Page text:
Nestled in Betong’s peaceful Tano Maero area, the Winter Flower Garden offers visitors a serene escape from the city, where they can bask in the tranquility and savor the fresh air. The garden’s charm lies in its lush greenery and exquisite flowers, providing a delightful experience as visitors wander through and admire the diverse floral displays. Despite undergoing refurbishment, the garden still showcased some beautiful flowers, albeit on a smaller scale than anticipated.
A notice informed us that the garden would be fully reopened after refurbishment, with the grand unveiling scheduled for November 2023.
5. Betong Clock Tower: Landmark at the Heart of the City
The Betong Clock Tower stands tall as a landmark located at the bustling roundabout in the center of Betong. Symbolizing the city’s essence, the clock tower is a picture-worthy sight, particularly when it’s beautifully illuminated at night. Adjacent to Thailand’s largest post box, another popular attraction, the clock tower adds to the charm and allure of Betong’s vibrant townscape.
6. Betong Chicken Statue
Following a delightful dinner, we made our way to the small night market at the exit of the Betong Mongkollit Tunnel, where we captured photographs of the iconic Betong Chicken Statue.
The Betong Chicken Statue, also known as the Betong Big Chicken, is a prominent tourist attraction in Betong. The large chickens serve as an eye-catching landmark that beckons visitors from far and wide.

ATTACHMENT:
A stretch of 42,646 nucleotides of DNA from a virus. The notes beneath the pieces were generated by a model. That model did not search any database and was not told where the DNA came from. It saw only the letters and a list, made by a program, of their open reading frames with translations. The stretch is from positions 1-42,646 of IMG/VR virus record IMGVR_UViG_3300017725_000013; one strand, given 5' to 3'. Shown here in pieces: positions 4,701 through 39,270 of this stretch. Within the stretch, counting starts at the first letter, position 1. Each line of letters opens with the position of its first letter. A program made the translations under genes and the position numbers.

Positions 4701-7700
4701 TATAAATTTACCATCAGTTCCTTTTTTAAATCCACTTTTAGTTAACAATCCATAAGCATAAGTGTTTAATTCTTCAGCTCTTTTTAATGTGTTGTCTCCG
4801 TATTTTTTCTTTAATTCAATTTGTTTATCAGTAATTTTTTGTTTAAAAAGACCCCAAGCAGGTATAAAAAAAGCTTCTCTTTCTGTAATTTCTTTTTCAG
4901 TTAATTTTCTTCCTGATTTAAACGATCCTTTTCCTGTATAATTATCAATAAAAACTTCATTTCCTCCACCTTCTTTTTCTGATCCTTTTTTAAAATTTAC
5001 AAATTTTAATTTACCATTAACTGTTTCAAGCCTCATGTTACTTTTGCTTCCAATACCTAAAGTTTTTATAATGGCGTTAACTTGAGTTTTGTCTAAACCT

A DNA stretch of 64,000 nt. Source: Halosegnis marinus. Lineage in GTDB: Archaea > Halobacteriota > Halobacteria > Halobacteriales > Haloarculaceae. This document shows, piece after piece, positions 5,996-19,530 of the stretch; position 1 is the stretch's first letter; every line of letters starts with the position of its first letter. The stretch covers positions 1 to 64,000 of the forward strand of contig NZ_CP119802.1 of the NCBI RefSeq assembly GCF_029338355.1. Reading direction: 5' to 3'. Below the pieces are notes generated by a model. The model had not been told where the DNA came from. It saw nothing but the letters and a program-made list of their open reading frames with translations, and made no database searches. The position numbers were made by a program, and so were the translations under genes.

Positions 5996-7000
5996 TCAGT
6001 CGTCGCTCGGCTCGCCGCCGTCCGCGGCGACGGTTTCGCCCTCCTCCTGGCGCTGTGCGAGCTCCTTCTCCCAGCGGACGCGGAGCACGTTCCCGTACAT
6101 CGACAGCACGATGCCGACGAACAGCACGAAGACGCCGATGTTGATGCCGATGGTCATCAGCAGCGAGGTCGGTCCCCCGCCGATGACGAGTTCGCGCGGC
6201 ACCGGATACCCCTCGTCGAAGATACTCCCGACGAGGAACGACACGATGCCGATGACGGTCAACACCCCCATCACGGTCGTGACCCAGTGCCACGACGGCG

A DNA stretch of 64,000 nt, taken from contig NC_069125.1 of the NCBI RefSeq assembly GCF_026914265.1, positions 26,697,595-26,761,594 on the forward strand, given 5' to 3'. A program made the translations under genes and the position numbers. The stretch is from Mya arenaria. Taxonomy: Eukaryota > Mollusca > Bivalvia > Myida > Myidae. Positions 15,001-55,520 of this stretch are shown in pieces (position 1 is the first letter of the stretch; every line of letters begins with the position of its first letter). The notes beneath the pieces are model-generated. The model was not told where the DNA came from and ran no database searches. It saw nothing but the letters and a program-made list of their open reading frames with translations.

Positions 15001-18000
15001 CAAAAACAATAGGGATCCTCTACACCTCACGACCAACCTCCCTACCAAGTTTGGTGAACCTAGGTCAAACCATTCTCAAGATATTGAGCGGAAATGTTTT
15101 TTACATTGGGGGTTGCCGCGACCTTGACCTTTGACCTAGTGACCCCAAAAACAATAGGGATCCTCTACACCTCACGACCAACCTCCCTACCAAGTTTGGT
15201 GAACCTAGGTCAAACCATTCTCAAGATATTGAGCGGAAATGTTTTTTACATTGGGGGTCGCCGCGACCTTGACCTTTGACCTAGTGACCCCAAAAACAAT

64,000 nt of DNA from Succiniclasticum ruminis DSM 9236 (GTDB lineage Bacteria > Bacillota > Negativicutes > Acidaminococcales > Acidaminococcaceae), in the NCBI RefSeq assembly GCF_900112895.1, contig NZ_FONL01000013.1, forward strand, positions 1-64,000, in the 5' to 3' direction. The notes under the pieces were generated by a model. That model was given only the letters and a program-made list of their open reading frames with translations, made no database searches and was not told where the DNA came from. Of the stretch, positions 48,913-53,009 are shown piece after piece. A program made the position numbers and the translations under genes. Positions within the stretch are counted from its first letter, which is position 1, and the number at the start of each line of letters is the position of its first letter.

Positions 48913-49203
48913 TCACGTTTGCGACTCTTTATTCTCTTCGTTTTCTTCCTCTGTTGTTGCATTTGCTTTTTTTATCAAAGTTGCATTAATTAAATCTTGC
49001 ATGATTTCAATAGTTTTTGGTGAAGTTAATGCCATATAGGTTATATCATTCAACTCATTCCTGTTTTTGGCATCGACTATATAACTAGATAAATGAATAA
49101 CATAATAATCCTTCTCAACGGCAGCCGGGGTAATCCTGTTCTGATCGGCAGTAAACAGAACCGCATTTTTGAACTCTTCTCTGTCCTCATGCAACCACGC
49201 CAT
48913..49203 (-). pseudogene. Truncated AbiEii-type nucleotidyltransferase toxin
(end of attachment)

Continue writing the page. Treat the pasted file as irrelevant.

The significance of the Betong chicken extends beyond the statue, as it has become a symbol of the town itself. Highly regarded for its exceptional quality and taste, the Betong chicken is a local specialty celebrated throughout Thailand. Raised in a natural, free-range environment, the chickens’ superior flavor is attributed to their free-range living conditions, making them a delicious and sought-after culinary experience.
7. Betong Mongkollit Tunnel
The Betong Mongkollit Tunnel is the first and largest road tunnel in Southern Thailand. This remarkable tunnel is renowned for its stunning lighting, particularly when night falls. The tunnel’s interior is adorned with decorative lights, creating a picturesque setting and an ideal spot for capturing memorable photographs.
We explored the tunnel during our visit, embarking on a leisurely walk from Grandview Landmark Hotel to the town. Our journey through the tunnel led us to a delightful breakfast experience in one of the town’s eateries.
8. Other attractions in Betong
There are several attractions in Betong we did not visit; you may want to include them in your itinerary.
- Standing proudly on a hilltop within Betong’s town center and nestled amidst the temple grounds of Wat Phutthatiwat, the Phra Mahathat Chedi Phra Phutthathamprakat is an impressive religious structure.